• by macraig ( 621737 ) <[moc.liamg] [ta] [giarc.a.kram]> on Monday January 27, 2014 @01:51PM (#46082437)

    Proprietary consumables? Seriously? When are we gonna get past this crap? Ever?

    • by jythie ( 914043 )
      Well, it is a viable business model. We have not gotten away from it because it tends to work.

      People complain about proprietary consumables when it comes to printers, yet people keep buying the ones that use them. Printers exist that are pretty favorable to 3rd party refills, but they are more expensive so people tend not to buy them.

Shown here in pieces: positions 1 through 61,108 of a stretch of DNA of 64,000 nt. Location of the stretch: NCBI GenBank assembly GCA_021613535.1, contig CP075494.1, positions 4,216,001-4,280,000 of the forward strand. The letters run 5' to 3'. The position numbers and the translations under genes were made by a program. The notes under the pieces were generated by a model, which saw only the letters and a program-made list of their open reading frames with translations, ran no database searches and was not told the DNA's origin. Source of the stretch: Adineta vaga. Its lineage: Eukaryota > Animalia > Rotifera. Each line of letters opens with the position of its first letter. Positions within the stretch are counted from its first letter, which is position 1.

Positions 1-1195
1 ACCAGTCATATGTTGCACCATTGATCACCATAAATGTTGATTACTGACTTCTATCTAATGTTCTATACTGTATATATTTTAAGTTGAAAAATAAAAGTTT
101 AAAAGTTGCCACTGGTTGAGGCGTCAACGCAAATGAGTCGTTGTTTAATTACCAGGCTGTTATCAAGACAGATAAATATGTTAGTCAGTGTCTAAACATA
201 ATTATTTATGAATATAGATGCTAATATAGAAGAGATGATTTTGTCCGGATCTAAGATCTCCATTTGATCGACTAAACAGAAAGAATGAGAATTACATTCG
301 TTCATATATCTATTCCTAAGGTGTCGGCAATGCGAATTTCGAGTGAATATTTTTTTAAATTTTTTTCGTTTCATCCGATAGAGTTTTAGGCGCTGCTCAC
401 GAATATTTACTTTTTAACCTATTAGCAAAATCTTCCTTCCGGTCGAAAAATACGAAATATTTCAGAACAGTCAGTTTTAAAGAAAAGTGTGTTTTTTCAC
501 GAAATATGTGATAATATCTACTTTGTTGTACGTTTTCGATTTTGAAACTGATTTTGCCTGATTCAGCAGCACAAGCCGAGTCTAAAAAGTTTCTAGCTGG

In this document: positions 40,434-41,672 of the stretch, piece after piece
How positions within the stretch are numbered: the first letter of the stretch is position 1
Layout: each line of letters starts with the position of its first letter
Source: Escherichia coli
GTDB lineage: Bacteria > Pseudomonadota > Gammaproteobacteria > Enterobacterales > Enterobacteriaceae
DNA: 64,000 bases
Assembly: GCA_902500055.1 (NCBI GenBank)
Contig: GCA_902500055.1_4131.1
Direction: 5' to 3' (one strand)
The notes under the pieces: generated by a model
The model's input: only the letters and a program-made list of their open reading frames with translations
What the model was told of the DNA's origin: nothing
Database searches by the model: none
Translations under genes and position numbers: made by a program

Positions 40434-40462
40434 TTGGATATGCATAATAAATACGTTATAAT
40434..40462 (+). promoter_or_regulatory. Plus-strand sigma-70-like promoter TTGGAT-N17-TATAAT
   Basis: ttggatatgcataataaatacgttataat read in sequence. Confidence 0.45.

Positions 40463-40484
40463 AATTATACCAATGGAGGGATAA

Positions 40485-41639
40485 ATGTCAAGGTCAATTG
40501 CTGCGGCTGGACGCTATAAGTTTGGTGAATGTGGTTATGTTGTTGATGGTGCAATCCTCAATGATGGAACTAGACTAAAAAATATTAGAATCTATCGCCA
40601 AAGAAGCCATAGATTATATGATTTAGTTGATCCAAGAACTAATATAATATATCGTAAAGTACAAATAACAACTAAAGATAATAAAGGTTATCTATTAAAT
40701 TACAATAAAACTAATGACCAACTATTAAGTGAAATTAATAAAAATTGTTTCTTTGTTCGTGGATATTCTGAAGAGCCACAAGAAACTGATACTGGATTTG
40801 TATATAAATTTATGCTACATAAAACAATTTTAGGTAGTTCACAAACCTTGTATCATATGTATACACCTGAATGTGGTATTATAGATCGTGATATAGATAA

You can have low initial cost + higher recurring cost, or high initial cost + low recurring cost. There is enough consumer demand for both models that options exist, but j
      • by pruss ( 246395 )

        And both models can make sense to a buyer. I think I do about 98% of my printing on a b+w laser printer with low page costs. Occasionally I have something to print out something in color, typically for the kids. It makes sense to buy a color printer with low up-front costs for such rare use.

    • by Mashdar ( 876825 )

      We'll get over it when the human brain starts being rational (read never).

    • by laird ( 2705 )

      In the video interview, they say that it's standard ABS and PLA filament. So while it's in cartridges that might be OK, as long as they don't try to lock people in. That is, if you can buy your own supplies from competing vendors and use them, that's what matters. At $28 per 600g, that's pretty expensive - it works out to $47/kg, which is quite high.